We will meet via Zoom for a discussion of the life of a truly amazing woman, Elizebeth Smith Friedman, the founder of modern cryptography. On Jan. 11 PBS AMERICAN EXPERIENCE aired The Codebreaker program about Elizebeth Friedman. It’s available online now via Passport or Amazon Prime. This video program is based on the book, The Woman Who Smashed Codes: A True Story of Love, Spies, and the Unlikely Heroine Who Outwitted America’s Enemies by Jason Fagone. We will discuss the video program and the book.

How does Elizebeth Friedman inspire you or young girls who might enjoy coding? We’ll discuss this fascinating book that begins at the Newberry Library in Chicago!

The codebreaker who spanned two World Wars and took down the rum-running Mafia during Prohibition, including Capone’s brother, single-handedly neutered the German U Boats’ wolf pack, and took down Nazi threats in South America that could have become a southern front against the US. In World War I she cracked the German’s codes. AND she did it with paper and pencil. She started this on the estate of billionaire George Fabyan in suburban Geneva. He had recruited her in the Newberry Library in Chicago. She learned her craft by trial and error. She often fought bias against women and was paid less. But because she was so talented, she was the one who was always called upon, and she often did her work in the shadows, rarely getting the recognition she deserved.

Here’s a link to the book, The Woman Who Smashed Codes, A True Story of Love, Spies, and the Unlikely Heroine Who Outwitted America’s Enemies


And here’s a link to the American Experience, The Codebreaker.


Trailblazing Women of Park Ridge

On March 11, 2021 (7:00 p.m.) our chapter will host a ZOOM meeting to learn about the current exhibit at the Park Ridge Historical Society.  It features TRAILBLAZING WOMEN OF PARK RIDGE, highlighting the following women:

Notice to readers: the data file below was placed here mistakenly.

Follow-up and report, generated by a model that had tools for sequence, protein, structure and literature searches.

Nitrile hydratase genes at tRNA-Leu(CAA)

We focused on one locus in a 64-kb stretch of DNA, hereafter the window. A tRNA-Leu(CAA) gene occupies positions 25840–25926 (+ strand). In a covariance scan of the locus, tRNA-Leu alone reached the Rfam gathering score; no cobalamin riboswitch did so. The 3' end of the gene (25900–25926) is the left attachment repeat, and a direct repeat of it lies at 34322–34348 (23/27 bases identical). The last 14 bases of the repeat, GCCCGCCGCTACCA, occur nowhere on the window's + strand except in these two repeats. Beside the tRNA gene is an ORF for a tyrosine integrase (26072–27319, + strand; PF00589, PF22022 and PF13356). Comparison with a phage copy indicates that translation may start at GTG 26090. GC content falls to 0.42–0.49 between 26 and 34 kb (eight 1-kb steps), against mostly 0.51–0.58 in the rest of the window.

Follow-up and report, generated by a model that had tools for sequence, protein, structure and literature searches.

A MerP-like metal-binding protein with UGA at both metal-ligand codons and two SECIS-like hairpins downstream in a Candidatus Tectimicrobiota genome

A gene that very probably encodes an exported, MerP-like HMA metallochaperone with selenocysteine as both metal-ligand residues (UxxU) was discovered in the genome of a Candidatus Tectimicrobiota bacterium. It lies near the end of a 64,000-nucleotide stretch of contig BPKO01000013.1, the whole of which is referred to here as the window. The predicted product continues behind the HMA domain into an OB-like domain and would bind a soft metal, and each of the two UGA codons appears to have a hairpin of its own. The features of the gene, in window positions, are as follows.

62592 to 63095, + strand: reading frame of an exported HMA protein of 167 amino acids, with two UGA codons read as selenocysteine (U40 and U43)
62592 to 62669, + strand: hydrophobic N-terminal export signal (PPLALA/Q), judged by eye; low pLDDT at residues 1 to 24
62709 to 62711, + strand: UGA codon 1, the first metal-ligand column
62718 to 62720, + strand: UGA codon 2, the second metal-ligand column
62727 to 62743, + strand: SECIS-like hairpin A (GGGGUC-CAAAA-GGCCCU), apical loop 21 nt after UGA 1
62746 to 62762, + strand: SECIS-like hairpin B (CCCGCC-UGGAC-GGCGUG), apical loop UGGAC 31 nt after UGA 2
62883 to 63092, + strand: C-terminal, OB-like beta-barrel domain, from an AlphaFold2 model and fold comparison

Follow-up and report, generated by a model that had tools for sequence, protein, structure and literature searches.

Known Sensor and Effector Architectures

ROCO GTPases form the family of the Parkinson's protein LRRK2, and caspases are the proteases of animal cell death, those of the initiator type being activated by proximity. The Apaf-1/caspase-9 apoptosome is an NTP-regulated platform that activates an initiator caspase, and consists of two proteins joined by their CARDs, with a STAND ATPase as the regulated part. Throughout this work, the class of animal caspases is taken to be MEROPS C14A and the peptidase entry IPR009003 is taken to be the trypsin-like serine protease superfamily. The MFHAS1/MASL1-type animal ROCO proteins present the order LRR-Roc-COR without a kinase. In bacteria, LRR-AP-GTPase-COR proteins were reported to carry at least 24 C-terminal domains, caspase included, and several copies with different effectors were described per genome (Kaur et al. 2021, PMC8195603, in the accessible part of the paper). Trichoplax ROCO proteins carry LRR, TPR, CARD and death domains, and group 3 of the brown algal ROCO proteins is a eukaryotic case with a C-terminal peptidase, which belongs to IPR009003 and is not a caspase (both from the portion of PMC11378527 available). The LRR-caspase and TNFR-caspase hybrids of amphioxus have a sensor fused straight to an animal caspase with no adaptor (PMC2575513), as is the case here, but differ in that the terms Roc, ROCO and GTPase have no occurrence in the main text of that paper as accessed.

Mother Frances Cabrini, Clara Barck Welles, Hannah Solomon and Hillary Rodham Clinton

After viewing the presentation created by members of the Historical Society, we will have an opportunity to present questions to the docent.  The event is free of charge and it is open to all invited guests. Contact information will be provided as soon as it becomes available.

Ida B. Wells: Her Life and Legacy

February 6, 2021
10:30am – 11:30am
, Online Zoom Event

Author, speaker, and educator, Michelle Duster will discuss the life and legacy of her great-grandmother Ida B. Wells.

Ida B. Wells was born enslaved in 1862 in Holly Springs, Mississippi. She became an anti-lynching crusader, suffragist, pioneering journalist, and activist for the protection of Black lives. In 2020, she won a Pulitzer Prize.

Registration is required for the program, which will be held on Zoom.

If you need help using Zoom, see our guide at How to Video Conference with Zoom or email us at askalibrarian.org

Michelle Duster’s book Ida B. the Queen will be published on January 26, 2021 and is available for purchase at The Book Stall.